After every mass shooting, we have a public discussion about mental illness, but what about the rest of the time?
25 to 40% of police calls nationwide are related to the behavior of someone who is mentally ill, and such instances include a higher risk of injury and death to those involved. This is a constant concern for families of the mentally ill. My brother has suffered from schizophrenia his entire adult life.
The County of Santa Clara is the only local government entity responsible for care of the mentally ill. I believe the County should have a laser-like focus on treating the severely mentally ill, which could be accomplished by prioritizing county spending, implementing state law, and advocating for changes in policy. This focused direction would help those who cannot help themselves, and in turn free up police to patrol our neighborhoods and improve public safety.
When it comes to mental health, government often tries to treat 100% of the population, and follows the “diagnosis of the day”. Taxpayer funds are often spent on feel good programs that do not always produce the results we need. For example, there are no programs that can prevent schizophrenia, but we do know that medication for schizophrenics can eliminate manic behavior. Rather than trying to treat the entire population, we need to focus on treating the severely mentally ill, which makes up 2 to 4% of the population. When we encounter someone eating out of a garbage can that believes they are on the planet Pluto, this is the person we must help, and not necessarily someone who claims trauma due to political events.
Our County government has expanded to include programs and services that were never intended, taking away funds from core services such as mental health. I believe every time a new request to spend money is brought before the Board of Supervisors, we must ask: is it more important than treating the severely mentally ill? In many cases, I believe the answer from everyday residents would be no.
Implementing existing state laws locally would also help. Laura’s Law, signed by Governor Davis in 2002, has never been implemented in Santa Clara County. This law allows a judge to compel individuals deemed severely mentally ill to undergo free professional treatment. Other California counties using this law have reduced homelessness, incarceration, and hospitalization, all of which decreases the cost to local government.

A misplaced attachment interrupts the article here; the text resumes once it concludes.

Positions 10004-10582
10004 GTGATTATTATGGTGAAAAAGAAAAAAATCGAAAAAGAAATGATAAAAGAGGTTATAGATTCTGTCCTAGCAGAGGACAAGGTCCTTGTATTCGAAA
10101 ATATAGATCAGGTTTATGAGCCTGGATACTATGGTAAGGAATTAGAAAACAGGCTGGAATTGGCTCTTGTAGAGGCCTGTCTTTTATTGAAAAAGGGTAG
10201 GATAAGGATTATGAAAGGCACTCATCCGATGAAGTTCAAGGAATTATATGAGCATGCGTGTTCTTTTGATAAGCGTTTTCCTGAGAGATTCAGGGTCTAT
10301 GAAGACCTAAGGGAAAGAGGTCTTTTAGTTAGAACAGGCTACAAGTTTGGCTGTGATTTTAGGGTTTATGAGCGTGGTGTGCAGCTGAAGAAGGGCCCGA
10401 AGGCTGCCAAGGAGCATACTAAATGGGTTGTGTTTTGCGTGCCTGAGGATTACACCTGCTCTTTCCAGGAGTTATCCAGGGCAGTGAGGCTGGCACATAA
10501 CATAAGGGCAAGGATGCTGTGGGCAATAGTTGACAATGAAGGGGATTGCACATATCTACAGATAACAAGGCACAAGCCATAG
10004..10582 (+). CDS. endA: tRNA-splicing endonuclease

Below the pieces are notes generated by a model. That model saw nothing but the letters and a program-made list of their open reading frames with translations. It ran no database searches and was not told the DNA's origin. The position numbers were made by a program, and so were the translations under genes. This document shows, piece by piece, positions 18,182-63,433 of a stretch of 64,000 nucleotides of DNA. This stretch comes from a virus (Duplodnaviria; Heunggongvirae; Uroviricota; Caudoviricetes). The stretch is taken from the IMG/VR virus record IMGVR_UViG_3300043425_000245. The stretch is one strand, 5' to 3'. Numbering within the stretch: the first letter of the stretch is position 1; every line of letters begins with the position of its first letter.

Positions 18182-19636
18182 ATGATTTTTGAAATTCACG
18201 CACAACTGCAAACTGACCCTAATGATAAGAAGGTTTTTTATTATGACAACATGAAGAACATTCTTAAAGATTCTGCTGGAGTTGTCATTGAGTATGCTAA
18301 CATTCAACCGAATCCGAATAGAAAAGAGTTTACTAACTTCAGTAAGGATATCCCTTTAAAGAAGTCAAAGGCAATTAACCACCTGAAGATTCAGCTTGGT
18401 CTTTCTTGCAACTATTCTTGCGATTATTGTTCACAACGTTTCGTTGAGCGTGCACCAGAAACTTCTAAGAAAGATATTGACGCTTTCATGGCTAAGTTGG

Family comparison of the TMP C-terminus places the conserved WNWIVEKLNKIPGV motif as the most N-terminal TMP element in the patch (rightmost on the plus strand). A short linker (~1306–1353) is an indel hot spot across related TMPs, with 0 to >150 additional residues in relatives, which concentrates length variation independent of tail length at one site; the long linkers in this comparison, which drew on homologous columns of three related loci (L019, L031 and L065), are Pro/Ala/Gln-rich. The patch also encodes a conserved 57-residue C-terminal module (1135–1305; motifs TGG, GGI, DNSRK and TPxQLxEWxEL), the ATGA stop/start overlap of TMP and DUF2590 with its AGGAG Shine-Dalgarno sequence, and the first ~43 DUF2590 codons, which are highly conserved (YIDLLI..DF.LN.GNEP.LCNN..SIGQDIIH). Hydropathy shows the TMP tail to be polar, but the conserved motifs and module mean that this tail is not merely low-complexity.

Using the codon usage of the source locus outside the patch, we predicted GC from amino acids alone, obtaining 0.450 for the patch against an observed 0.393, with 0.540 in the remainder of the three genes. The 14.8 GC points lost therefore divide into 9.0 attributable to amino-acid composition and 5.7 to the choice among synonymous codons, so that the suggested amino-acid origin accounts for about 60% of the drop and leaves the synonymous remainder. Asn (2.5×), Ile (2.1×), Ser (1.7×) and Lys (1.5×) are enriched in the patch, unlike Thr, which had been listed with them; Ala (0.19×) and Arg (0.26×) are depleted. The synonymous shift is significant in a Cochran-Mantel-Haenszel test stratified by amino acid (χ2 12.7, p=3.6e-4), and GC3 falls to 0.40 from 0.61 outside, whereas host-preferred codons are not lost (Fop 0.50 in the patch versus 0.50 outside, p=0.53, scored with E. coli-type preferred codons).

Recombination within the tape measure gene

We should also advocate changing policy on how we house the severely mentally ill. We need to investigate bringing back facilities dedicated to caring for such individuals. With the closure of such facilities, the severely mentally ill often have a sad choice between homelessness or incarceration. This also fails our society at large, which has to frequently experience the manic behavior of the severely mentally ill in our public spaces. Knowing that such policy changes take time, the County should look at options, both public and private, for providing more beds for these individuals.
Unfortunately, the ongoing construction project (Valley Medical Center expansion) is five years late and approximately $250 million over budget. This fiscal incompetence closes the window on opportunities to further help our community and hampers the ability to add facilities where the severely mentally ill could be cared for professionally.
During my ten years on the City Council, I voted to spend taxpayer funds responsibly, and focus on essential services. We must prioritize helping the severely mentally ill, as doing so would also benefit society at large, improve our bottom line, and assist families who often carry the lifetime responsibility of caring for a sick family member.
Pierluigi Oliverio served 10 years on the San Jose City Council and is a candidate for Santa Clara County Supervisor in District 4. He wrote this for The Mercury News.